Hampshire's shared buildings make £2million savings per year
Wednesday, 16 July 2014
A scheme that is transforming the way Council buildings are used across Hampshire is making taxpayers' money go further, cutting energy consumption, raising productivity and saving £2 million a year in running costs.
Hampshire County Council's 'Workstyle' programme has already reduced the amount of office space by a third and more than £13million has been raised from the sale of the buildings no longer fit for purpose. All of this is being recycled into flexible, efficient buildings capable of accommodating more staff and creating better environments for the public to receive services.
A report to the Council's Buildings, Land and Procurement Panel highlights the success of schemes where the public now have access to a variety of services in shared locations. There is closer front-line collaboration between those services, and also with colleagues in health, probation and other services in some buildings. Staff have flexible'drop in' points that avoid them having to spend time travelling to other venues. These include:
- Elizabeth II Court, Winchester, where the successful refurbishment of the former dated Ashburton Court kick-started the Workstyle programme
- Havant Plaza, the first significant office colocation, where 330 County Council staff work alongside some 300 Havant Borough Council colleagues
- Rushmoor, where County Council Children's and Adults services staff now share the Borough Council's building in Farnborough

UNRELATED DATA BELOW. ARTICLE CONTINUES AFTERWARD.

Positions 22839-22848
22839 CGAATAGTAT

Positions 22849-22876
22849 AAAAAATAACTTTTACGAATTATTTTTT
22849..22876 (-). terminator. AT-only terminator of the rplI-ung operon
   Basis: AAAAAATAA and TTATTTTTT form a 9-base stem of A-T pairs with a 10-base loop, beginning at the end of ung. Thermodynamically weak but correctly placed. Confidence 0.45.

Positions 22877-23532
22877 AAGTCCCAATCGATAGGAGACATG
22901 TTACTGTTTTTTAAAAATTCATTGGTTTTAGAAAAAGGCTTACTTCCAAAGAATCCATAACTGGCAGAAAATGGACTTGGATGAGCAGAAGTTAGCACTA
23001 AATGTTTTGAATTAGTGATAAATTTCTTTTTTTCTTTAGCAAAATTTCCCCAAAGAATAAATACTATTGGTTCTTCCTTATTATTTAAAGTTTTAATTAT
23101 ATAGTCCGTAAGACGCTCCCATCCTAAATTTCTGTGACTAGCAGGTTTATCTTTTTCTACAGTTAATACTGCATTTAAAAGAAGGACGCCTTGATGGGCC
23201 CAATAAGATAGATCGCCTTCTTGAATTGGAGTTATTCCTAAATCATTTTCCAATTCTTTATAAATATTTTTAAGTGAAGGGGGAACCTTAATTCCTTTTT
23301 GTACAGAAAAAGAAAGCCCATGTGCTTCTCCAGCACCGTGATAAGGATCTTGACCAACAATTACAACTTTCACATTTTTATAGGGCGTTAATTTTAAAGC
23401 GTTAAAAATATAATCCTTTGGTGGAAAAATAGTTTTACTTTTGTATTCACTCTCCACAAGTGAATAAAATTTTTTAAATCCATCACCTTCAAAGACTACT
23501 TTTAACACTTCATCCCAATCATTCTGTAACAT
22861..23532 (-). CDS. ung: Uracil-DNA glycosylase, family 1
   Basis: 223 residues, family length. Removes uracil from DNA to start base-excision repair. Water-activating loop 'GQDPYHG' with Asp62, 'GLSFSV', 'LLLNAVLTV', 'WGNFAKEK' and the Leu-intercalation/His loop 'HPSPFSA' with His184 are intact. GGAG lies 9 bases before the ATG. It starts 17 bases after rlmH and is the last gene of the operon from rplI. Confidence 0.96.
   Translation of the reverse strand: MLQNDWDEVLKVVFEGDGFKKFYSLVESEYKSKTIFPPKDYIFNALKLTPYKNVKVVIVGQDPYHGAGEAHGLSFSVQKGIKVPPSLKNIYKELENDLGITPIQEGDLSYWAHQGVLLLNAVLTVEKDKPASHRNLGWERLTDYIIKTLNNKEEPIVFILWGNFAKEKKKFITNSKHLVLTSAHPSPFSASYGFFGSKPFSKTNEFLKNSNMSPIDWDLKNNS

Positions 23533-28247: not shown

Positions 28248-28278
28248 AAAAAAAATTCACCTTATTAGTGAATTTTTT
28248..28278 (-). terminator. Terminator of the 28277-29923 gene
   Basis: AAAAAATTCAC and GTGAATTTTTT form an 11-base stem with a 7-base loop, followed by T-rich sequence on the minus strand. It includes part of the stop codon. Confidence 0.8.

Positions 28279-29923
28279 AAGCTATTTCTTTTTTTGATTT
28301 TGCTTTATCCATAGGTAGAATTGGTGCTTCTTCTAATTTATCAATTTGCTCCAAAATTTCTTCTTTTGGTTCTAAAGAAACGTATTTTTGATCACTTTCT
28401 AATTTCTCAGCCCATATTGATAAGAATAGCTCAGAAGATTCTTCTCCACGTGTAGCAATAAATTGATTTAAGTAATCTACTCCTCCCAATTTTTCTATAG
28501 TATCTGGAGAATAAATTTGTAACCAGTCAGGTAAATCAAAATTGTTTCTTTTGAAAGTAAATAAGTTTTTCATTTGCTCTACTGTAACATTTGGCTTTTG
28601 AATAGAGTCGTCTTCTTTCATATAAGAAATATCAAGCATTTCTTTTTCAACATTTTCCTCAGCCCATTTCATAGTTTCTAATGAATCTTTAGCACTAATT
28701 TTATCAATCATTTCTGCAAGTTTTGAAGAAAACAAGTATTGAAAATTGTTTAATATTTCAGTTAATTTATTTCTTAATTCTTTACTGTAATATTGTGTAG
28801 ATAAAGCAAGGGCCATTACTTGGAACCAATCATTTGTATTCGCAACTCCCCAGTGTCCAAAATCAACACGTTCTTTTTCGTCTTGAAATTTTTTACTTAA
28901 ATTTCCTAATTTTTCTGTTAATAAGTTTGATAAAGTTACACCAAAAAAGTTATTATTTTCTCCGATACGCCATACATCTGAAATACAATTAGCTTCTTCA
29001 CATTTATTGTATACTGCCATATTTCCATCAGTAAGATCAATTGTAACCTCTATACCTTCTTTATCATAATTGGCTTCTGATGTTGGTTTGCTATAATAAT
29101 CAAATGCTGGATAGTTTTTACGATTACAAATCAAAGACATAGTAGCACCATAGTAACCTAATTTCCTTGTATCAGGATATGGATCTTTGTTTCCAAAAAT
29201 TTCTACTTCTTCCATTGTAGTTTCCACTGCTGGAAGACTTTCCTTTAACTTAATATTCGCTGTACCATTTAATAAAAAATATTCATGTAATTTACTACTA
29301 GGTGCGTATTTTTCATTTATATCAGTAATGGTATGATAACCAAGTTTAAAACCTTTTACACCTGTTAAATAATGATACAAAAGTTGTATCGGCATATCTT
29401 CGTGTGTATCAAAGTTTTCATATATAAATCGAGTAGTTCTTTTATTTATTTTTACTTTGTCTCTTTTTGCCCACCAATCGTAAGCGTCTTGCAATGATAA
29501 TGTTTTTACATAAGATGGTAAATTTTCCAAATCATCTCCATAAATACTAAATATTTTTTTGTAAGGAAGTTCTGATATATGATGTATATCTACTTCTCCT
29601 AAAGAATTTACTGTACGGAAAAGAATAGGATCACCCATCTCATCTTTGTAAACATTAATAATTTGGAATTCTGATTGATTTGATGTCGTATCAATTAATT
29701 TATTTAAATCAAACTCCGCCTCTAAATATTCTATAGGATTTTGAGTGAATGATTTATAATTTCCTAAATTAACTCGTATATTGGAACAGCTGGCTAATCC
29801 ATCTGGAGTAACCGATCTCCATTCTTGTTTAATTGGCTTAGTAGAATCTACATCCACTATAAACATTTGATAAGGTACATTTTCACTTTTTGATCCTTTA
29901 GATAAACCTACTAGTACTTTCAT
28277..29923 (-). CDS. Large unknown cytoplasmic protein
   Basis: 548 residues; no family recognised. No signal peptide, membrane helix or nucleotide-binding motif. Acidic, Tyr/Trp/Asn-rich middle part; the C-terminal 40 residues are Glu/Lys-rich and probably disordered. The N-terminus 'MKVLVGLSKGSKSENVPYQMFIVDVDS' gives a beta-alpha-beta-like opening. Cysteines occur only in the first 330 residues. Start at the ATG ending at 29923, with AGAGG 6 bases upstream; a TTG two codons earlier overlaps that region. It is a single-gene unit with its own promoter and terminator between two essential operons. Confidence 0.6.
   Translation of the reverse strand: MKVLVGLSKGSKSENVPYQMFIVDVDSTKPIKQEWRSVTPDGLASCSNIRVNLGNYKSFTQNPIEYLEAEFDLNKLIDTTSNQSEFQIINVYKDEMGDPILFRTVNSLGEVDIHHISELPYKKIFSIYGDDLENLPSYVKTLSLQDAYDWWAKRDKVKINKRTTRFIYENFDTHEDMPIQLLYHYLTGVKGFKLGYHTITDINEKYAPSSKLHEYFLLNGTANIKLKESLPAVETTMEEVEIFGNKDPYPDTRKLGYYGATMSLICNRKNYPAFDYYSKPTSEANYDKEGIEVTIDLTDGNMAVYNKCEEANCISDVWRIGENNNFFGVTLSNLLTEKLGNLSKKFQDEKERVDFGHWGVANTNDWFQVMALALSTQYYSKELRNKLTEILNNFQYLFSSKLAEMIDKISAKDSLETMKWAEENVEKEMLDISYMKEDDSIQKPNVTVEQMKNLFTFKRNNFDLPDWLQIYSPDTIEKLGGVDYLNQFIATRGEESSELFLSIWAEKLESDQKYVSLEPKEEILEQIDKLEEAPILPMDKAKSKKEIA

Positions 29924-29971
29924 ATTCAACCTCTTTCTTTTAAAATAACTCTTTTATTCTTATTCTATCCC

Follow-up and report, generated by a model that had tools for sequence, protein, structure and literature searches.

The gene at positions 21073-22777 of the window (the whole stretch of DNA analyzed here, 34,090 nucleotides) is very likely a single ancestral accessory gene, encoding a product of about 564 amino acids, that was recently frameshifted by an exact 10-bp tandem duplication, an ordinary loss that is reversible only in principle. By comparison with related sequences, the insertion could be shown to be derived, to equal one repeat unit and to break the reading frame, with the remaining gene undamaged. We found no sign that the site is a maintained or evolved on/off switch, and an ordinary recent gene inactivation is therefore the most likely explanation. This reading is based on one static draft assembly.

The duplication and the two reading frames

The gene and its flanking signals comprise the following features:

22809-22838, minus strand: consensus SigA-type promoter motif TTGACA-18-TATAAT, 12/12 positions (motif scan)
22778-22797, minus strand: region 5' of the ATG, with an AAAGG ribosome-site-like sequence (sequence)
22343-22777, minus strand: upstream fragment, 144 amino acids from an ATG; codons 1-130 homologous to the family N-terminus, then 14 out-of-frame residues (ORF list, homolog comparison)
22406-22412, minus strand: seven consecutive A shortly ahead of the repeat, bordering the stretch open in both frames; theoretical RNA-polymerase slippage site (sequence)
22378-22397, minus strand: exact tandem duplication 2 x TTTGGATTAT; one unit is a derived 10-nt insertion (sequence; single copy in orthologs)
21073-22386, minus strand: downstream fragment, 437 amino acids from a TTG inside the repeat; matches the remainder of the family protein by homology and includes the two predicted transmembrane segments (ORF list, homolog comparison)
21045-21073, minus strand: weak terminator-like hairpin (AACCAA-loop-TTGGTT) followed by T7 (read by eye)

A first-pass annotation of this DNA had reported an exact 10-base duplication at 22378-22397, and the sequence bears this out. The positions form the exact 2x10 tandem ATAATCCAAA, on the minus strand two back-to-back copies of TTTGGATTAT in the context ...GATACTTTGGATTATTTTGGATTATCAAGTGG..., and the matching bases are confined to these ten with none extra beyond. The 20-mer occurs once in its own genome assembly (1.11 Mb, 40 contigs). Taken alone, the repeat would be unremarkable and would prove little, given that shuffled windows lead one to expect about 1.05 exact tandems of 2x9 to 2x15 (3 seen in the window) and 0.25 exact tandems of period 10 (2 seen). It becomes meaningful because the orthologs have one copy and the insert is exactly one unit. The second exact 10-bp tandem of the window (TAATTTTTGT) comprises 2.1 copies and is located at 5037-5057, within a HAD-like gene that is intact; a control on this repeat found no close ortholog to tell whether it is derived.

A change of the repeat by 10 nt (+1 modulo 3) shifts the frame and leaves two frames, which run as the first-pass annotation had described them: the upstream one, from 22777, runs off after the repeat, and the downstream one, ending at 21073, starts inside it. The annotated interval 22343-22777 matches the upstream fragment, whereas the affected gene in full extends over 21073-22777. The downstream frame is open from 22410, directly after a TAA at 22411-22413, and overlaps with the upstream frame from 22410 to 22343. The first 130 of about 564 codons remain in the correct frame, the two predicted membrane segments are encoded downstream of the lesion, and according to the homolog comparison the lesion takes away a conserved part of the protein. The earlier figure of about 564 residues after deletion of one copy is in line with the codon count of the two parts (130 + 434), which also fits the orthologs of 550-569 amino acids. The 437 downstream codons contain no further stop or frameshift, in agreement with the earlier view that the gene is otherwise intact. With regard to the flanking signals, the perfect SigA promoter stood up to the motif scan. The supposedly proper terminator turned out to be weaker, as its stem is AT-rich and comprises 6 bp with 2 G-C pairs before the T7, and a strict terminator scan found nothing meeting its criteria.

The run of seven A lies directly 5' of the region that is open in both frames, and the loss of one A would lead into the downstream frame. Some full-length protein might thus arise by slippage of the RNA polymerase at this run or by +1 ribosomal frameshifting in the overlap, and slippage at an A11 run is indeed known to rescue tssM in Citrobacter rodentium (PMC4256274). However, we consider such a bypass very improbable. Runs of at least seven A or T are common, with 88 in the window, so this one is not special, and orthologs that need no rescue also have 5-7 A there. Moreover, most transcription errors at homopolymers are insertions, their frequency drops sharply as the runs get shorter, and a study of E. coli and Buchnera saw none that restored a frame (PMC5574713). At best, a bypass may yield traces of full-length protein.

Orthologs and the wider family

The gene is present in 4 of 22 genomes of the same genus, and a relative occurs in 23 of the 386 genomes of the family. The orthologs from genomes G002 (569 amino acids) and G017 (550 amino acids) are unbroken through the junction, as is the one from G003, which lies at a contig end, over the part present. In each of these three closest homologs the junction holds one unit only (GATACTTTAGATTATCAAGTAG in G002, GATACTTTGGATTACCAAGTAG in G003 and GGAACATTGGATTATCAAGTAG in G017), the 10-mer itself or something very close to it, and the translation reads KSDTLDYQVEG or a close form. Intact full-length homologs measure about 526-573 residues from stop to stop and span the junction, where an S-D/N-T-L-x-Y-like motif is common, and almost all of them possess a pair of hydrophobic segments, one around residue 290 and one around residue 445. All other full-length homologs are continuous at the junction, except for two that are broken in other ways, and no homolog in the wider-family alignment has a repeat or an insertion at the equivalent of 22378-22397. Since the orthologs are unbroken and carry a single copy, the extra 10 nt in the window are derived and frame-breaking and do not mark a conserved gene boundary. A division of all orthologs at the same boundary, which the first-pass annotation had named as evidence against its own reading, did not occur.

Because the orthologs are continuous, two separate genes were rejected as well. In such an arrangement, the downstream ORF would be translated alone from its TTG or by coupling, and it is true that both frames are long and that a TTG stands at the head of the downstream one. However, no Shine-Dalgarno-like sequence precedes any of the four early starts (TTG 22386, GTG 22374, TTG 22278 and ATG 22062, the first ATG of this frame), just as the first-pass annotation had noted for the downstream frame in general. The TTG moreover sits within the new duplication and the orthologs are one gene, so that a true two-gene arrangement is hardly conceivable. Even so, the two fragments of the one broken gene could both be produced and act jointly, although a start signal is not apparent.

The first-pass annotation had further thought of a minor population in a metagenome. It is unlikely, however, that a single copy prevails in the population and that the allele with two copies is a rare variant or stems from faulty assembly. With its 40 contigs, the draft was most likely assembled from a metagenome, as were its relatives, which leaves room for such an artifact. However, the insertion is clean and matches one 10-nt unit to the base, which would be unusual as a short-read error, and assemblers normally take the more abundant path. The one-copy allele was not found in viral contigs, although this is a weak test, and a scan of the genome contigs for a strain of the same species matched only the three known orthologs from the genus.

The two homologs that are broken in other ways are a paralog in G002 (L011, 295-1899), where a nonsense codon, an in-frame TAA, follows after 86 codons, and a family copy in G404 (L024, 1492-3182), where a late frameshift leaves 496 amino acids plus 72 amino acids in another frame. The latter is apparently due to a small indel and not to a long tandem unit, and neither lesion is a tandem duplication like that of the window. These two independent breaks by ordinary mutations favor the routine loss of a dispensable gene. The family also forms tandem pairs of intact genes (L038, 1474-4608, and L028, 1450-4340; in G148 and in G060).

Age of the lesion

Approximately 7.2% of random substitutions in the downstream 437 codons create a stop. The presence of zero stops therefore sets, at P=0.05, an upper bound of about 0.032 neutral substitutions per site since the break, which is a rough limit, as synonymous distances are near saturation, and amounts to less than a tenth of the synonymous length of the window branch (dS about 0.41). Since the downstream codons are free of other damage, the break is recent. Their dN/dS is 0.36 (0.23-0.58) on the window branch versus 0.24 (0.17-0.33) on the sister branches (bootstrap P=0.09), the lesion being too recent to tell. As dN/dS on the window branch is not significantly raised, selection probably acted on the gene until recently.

- Dame Mary Fagan House in Basingstoke, where staff are working in a flexible office, fostering closer collaboration between teams and services
- Totton; a new hub opened in Totton High Street in February, another location where the County Council is co-located with Southern Health Foundation Trust, as well as the Probation Service.
- Test Valley, where a new hub is being set up at Beech Hurst, the Borough Council's headquarters in Andover. 80 staff will work alongside the borough's staff, releasing a leased building in the town
- Fareham and Gosport - where a significant programme to bring services together is being planned.
Workstyle doesn't end there. While the Council is on track with its plan to save over £230million through efficiencies and change since 2008, Government funding cuts are likely to continue for years to come so there's no let up in the drive for doing things differently. The Workstyle approach is now being considered for operational service areas such as libraries, country parks, register offices and day centres, to see where there are synergies and opportunities to join-up with an increasing range of other public bodies and voluntary sector groups.
Councillor Mel Kendal, the Executive Member for Income and Capital Receipts, said: "The results demonstrate the success of Hampshire's proactive approach to reshaping services and making assets work to their optimum capacity. Workstyle has already transformed the way office space is used, driving out millions of pounds in efficiencies and increasing our resilience in these challenging times for Local Government.
"It's also changing our working relationships with other public, private and voluntary bodies so that the public get better, joined up, more cost effective services in the right place at the right time. It's making a major contribution to our savings targets, maintaining our strong financial position, and has helped us keep Council tax at the lowest level in the South East for the five years while delivering high quality services."